Why do I place so much importance with weight training?
We understand today that strength training plays an integral part of any physical goal. Now once upon a time to get good at running you just ran, cyclists rode and footy players played footy. Now, so much weight (if you pardon the pun) is placed on a good strength training program for pretty much any sport that requires any physicality to it. This even goes for the more classically female of the sports, like netball, where training involved just more court time and possible some X-training, mostly in the form of long distance running. Not today, the advances in sport science have pushed the ladies of this sport into weight rooms lifting heavy weights and training energy systems which has propelled the performance of the athletes to new heights. An interesting little article about it here.
If you want to be fitter, you must be able to train harder, move faster and recover well. To accomplish this you must be stronger. To be stronger you must lift weights!
What does this have anything to so with you, the weekend warrior gym goer? Well when many (pretty much all) of the people we train were asked “why do you want to train at a gym like this?” I heard words like “fitter, toned, increase in lean muscle, lose weight & more energy”. Now I guess it seems self evident that the toned and increase in lean mass responses would result in me pointing to some weights and say “lift!”. But in regards to getting fitter, more energy etc. this doesn’t necessarily mean that I just say “more cardio” if you want to be fitter. Although it is partially the case, the weight room also plays an integral part in your increases in fitness. Hence the reason we put a lot of emphasis on it!
Let just say I get a new member coming in to the gym. I ask “why are you here?” and I get that regular response “I want to be fitter and lose some weight”. This all points to the person required to train at a level of intensity that will cause a change in their physiology, basically I need to train them hard enough that their fitness improves. Now the science says that training in a CrossFit style, regardless of its many holes, does however give significant changes to cardiovascular and muscle endurance (read about it here). Here’s the kicker, the harder your training sessions are in intensity the more likely you are to be injured, this is evident in many activities. BUT, if you want to get fitter you must train with the appropriate amount of intensity. It’s a catch-22. Enter strength training!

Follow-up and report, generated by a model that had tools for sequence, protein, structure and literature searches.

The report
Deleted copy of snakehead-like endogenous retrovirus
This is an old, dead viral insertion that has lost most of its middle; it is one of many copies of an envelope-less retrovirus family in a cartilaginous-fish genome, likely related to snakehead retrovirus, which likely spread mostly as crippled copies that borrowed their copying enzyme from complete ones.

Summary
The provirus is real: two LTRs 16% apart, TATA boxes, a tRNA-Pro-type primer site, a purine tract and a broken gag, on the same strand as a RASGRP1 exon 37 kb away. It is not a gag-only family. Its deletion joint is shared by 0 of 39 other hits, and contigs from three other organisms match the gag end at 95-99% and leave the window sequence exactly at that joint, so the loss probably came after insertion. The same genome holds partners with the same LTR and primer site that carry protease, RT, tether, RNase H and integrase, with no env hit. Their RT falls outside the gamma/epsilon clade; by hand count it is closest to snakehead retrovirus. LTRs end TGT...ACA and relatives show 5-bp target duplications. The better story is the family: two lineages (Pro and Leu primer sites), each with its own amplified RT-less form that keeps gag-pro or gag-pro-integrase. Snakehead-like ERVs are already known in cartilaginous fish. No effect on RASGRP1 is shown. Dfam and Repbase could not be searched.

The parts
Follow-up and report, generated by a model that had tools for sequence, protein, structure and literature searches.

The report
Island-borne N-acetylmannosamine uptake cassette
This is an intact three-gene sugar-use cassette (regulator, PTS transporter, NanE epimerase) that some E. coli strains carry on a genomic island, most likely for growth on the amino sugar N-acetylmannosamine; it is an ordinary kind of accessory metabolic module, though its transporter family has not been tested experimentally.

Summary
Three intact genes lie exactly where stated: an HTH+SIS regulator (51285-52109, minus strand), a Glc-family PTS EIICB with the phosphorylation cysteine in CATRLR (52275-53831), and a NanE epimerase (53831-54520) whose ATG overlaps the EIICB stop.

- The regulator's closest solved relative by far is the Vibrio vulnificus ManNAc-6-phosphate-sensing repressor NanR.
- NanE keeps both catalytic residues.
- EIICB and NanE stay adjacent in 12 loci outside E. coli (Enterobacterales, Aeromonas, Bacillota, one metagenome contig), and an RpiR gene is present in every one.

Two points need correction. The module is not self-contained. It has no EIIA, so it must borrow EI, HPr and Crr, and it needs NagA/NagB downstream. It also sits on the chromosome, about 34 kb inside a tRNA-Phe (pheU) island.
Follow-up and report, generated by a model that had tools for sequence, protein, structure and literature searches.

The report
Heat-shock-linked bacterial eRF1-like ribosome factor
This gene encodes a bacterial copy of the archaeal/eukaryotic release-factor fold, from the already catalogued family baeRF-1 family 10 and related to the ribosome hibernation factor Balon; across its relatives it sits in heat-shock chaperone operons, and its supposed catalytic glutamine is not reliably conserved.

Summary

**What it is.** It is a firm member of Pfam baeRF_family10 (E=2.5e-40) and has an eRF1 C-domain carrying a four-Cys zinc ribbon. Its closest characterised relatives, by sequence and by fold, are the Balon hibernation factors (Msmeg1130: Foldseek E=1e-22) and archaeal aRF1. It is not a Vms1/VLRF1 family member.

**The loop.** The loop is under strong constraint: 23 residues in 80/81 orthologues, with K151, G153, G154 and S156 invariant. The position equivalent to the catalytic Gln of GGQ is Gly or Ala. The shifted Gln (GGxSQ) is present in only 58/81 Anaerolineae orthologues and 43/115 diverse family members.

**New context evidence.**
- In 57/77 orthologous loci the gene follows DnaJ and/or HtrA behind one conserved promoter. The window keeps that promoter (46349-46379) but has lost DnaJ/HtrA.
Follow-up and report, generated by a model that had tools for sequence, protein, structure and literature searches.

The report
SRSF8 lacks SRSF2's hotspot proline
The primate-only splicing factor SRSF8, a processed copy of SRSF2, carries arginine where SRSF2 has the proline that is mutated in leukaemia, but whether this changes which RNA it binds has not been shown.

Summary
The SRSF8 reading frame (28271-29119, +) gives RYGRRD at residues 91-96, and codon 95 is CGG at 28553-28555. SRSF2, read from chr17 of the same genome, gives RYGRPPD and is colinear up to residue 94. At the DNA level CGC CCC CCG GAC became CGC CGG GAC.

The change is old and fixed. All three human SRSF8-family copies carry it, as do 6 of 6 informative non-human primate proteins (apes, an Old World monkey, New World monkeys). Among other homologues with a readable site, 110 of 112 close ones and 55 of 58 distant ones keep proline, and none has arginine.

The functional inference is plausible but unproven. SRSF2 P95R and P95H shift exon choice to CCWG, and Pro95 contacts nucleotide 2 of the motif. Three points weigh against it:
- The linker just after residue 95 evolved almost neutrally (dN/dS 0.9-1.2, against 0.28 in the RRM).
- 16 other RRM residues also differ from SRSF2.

So we are left with this dilemma “I want to get fitter but to train hard might injury me along the way”. A justified question is why do people get hurt? It’s a ‘walk before you run’ concept which is the answer to that question. My gripe with the intensity-only fitness models out there (I won’t mention names) is that intensity-only places a LOT of pressure on muscles, ligaments and tendons without first making those tissues stronger. This leads to an increased chance of injury. Let’s use the example of runners here. Long distance runners soon realised that if they wanted to run, recover and do it again over and over again they needed to make the relevant tendons and muscles stronger. So that’s what they did! Much focus goes into increasing the size and strength of the Achilles tendon, feet tendons as well as the calf and hamstring groups. This reduces the risk of injury and increases the rate of recovery.
So the argument is to move faster and faster you need to have the strength to do so. This is illustrated in the concept known in the strength and conditioning world as the speed-strength continuum. Simply put if you want to go fast you need to start at Absolute Strength (get stronger), only then can you go to Strength/Speed (Olympic lifting – snatchs/cleans), only then can you move to Speed/Strength (plyometrics, Olympic lifting for reps/TnG etc.) and then you move to absolute speed (Longer WODs with high reps).
So we have made the argument based on the observation that the sports scientists have discovered that increasing strength and muscle size decreases the risk of injury thereby allowing the athlete to train longer and perform at their best. This observation applies also then to weekend warrior. If you want to be fitter, you must be able to train harder, move faster and recover well. To accomplish this you must be stronger. To be stronger you must lift weights!